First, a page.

Denial, anger, bargaining, and depression have all been in the mix of emotions experienced in the last two years. Still, after each of these, it has inevitably come to the final stage of acceptance for many.
For Google, that moment seemingly came in May 2021 when, after its latest plan to open offices was disrupted yet again by spiraling COVID-19 cases, it threw its proverbial hands in the air and accepted that there was no way of knowing if or when normal business would resume.
The remote and hybrid work genie is officially out of the bottle and settling in for the long stay. It will inevitably impact how leaders view the years to come and what attitudes, skills, and adaptations to their practices will be needed to best navigate and excel in the new world of work.
The second major reckoning coming to leaders is the need to filter major and minor decisions through the lens of their resulting social and environmental impact. With a recent PWC report finding that 83% of consumers think companies should be actively shaping ESG (Environmental, Social & Governance) best practices rather than reacting and adjusting, not only is there an urgent moral argument for leaders to get their houses in order quickly, but a compelling business case. So how will these dynamic forces that are instigating once-in-a-generation change impact leaders in 2022?
1. Virtual Workplaces will get smarter … way smarter.
Many leaders think that they’ve recreated their physical workplace into a virtual one with a corporate Zoom package and a Slack subscription. The reality is, it isn’t that easy. Leaders will need to be smart as they set about building a digital equivalence to something physical that took decades to refine. They’ll also need help. Most leaders wouldn’t contemplate asking Bill in HR or Jenny in IT to come up with designing a new office, but for many, that’s exactly who is being tasked with curating their virtual workplace. I expect to see an entirely new category of specialists emerge, people who create advanced digital workplaces. These next-generation, virtual work environments won’t necessarily be curated with all new technologies (let’s be honest, there’s a lot of those already) but could skilfully combine existing platforms with evolved processes and leadership practices. The goal? To build trusting, collaborative teams that can drive together productivity and innovation — from bedrooms to boardrooms.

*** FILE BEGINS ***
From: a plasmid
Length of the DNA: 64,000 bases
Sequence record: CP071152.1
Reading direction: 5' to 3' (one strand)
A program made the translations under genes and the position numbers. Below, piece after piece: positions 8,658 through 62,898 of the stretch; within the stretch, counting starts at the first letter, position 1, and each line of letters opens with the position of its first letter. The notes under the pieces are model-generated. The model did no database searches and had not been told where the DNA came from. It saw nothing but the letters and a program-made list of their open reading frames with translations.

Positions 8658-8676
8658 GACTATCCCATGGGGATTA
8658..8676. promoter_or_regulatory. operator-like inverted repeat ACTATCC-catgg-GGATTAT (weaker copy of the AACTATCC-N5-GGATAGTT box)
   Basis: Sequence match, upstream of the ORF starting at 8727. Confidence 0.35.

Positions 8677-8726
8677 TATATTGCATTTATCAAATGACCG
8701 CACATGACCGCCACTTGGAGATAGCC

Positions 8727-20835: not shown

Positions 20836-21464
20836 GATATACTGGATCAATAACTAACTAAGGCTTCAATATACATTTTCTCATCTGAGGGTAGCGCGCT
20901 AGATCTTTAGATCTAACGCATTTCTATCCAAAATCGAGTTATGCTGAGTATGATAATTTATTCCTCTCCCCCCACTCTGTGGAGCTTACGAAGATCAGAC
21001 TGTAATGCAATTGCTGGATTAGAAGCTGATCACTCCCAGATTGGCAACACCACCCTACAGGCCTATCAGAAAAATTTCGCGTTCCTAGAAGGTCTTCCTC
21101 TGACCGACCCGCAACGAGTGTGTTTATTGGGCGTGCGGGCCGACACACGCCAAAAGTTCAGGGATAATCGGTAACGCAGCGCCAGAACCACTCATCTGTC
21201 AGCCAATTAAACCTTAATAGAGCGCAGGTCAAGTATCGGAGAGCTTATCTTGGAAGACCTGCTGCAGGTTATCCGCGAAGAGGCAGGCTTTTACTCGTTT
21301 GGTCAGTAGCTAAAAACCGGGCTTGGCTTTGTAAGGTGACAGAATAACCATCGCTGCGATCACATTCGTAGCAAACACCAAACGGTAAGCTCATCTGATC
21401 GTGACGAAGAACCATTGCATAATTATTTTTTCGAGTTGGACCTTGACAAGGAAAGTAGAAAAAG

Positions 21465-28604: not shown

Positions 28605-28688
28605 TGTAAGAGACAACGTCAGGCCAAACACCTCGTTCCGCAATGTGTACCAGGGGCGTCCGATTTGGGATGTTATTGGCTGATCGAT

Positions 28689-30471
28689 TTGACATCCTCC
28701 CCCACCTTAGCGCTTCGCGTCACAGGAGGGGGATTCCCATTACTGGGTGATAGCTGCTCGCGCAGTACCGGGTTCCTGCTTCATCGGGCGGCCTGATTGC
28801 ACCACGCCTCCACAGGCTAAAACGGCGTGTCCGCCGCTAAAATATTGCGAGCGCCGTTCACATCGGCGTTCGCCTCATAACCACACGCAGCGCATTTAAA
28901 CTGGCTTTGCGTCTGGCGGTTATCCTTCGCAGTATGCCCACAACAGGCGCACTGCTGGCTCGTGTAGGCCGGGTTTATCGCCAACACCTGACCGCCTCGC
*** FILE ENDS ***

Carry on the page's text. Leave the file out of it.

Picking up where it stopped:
2. Impact leaders will be challenged to have impact.
Speaking in May 2021 at a New York conference hosted by the Wall Street Journal, JPMorgan CEO Jamie Dimon (pictured above) aired his view on why JP employees should all return to the workplace. In his view, by the following September or October, “It will look just like it did before, and everyone’s going to be happy with it.”
The inescapable truth is that, while a return to the office for Dimon and other JPMorgan employees would be a welcome resumption, for others, it would undoubtedly represent a significant step backward. Corporate leaders tend to come from privileged groups, making it harder to appreciate the realities of in-person work environments for those who experience many physical or social impediments. For many, a virtual environment levels the playing field.
Working in a non-physical workplace allows people not to be judged physically. Recognizing that a one-size workplace doesn’t fit all is step one. Decisively acting on it to create new and dynamic structures that work for diverse teams is step two and what impactful leaders will be increasingly challenged to do.
3. More corporations will get in the ring.
In September 2021, Salesforce, a company with a global workforce of more than 56,000 people, led by CEO Marc Benioff (pictured above), offered to relocate Texas-based employees and their families after a Texas abortion law went into effect. While not directly commenting on the law itself, Salesforce took a vocal, public stand by recognizing and respecting deeply held and different world views. “If you have concerns about access to reproductive healthcare in your state, Salesforce will help relocate you and members of your immediate family,” they told employees.
Throwing substantial corporate weight into the ring to back consequential causes or counter perceived injustices will, in my opinion, continue to be a growing trend with the lead taken by brands such as Salesforce but also brands such as Ben & Jerry’s, Patagonia, Lyft, Levis, and others. They will set a standard for others to follow.